A Dangerous Honeymoon

Enjoy The Work blog. A dangerous honeymoon.

Early-stage fundraising takes a toll. A successful raise often requires months of preparation, pitching, and negotiating. You must craft a story, answer questions, prepare materials, and defend a financial plan. Then you get the pleasure of repeating yourself endlessly, often to investors only casually curious about your life’s mission.

It’s exhausting — and worse, it often ends in failure.

But for the fortunate minority who do raise the capital they desire, another danger lurks. It’s the honeymoon period.

I’ve seen it many times. Over the past three years, we’ve guided more than 100 fundraises. A distinct pattern exists:

Month 1: The founder prepares for the raise.

(optimism abounds)

Month 2: Calendar is packed with pitches and follow up discussions.

(nervous excitement)

Month 3: Business diligence is in full swing.

(regular fits of terror and rage seasoned by occasional tears)

Month 4: Partner meeting presentations and first term sheets

(heart palpitations)

Month 5: Term sheet is signed and legal diligence commences

(vital signs stable)

Month 6: Funds are wired


But at this point in the process, even in the midst of euphoria, a new problem emerges. It’s called PFSD.

PFSD (Post Fundraise Speed Disorder)

A sinister malady afflicts most first-time founders. The disease spreads via wire transfers and cashier’s checks. The illness presents itself in predictable ways…

  1. Capital hits the bank account.
  2. Founders feel enormous relief.
  3. Founders were not entirely sure where first to put their attention.
  4. Founders take it a little easy on themselves and their team.
  5. Founders debate immediate goals and recruiting needs.
  6. Founders begin to realize recruiting is hard; most, if not all, hiring is off target.
  7. The first post-funding board meeting approaches.
  8. The founder revisits capital planning and milestone achievement.
  9. Founder realizes 1) they did not raise enough capital, 2) they are way behind on hiring, 3) they are far off of the plan originally shown to investors, and 4) they feel broke. (again)
  10. Panic.

Does anyone out there have this experience? You close capital, and yet only minutes later, it feels like you’re already in danger of being hopelessly off schedule.

You’re not alone.

It’s only natural to take a breath following the pressure of an early-stage capital raise. But if that moment of relaxation lingers too long, it will flow into the rest of the company, and you might find yourself dangerously off schedule.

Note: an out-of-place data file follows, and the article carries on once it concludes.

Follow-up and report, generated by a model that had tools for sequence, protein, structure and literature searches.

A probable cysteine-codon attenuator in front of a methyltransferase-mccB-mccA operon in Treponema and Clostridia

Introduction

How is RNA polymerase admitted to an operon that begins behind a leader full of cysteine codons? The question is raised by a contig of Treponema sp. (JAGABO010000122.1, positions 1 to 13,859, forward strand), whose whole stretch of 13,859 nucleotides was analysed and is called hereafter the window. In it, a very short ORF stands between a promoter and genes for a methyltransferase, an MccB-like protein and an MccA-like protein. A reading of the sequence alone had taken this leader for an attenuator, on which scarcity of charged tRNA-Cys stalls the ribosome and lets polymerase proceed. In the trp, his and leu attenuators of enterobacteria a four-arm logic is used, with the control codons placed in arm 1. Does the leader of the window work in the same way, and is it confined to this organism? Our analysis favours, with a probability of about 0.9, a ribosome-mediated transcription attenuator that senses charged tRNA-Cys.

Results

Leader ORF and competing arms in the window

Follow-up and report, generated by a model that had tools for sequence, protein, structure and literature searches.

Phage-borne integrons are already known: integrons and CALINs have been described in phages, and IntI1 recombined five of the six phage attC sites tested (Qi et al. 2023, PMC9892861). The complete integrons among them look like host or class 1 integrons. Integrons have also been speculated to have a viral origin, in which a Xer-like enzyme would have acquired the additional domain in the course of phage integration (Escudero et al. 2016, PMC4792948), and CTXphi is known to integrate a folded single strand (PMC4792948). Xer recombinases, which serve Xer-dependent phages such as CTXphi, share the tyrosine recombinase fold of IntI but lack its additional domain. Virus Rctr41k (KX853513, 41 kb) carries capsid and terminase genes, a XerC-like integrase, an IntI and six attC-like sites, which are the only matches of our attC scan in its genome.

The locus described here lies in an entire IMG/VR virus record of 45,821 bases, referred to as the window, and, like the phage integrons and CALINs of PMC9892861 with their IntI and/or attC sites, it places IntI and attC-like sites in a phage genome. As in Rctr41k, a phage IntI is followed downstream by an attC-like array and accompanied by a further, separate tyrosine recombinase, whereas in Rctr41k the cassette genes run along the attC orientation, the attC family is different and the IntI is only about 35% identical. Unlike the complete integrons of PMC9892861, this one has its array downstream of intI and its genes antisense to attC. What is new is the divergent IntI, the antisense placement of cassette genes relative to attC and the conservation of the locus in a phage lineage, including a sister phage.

Every capital raise has a goal. Are you raising to grow and reach the next fundraising threshold? Are you raising to sell? Or perhaps you’re raising capital to reach profitability? Whatever the case, chances are the moment you raise the current round; the timer will begin on the next one. And the first ticks off the clock are precious.

So how does a founder inoculate themselves against PFSD? There is a treatment plan, and it involves three simple steps.

1. Prep for the next milestone before you’ve even finished the first.

In the US, a signed venture capital term sheet is highly likely to result in closed financing. That means once the term sheet is signed, it’s time to parallel the path. Founders, of course, need to chaperone the lawyers to make sure the final steps are completed, but it’s equally critical that they zoom out. That means if you just raised Series A, then research Series B metrics and begin setting goals with your leadership team.

“If you just raised Series A, then research Series B metrics and begin setting goals with your leadership team.”

2. Practice radical (financial) candor.

Three to six months earlier, you built an elegant Excel model. It was an important component of your fundraise,r and it survived investor scrutiny. But now it’s obsolete. Startups operate in dog years; mere months and your financial projections likely require material adjustment. Be clear with yourself and your team about what has changed, and circulate a new and improved forecast.

“Startups operate in dog years; mere months, and your financial projections likely require material adjustment.”

3. Redirect energy towards recruiting.

The first truth of recruiting: You’re always behind in recruiting. But don’t just passively accept it. Fight like hell. The biggest expense for a young startup is people. You have a hiring plan (you could not have revised your financial model without one), and now you need a sourcing one (aka how to find the talent). You once pitched investor after investor on your plans to build out your team. Now it’s time to fill all of that empty space.

“First truth of recruiting: You’re always behind in recruiting.”

A startup is a marathon at a sprinter’s speed (but without utterly artificial conditions provided by Britain’s wealthiest man). Fundraisers can be brutally difficult. It takes months of pitching, endless negotiation, and lots of rejection before the right fit is found. It is only natural for the founder to want to recover before returning to the grind. So plan a short vacation in advance, or give yourself an evening, have a nice meal, grab a drink, and maybe even sleep a full 8 hours. But then get back to work 🙂

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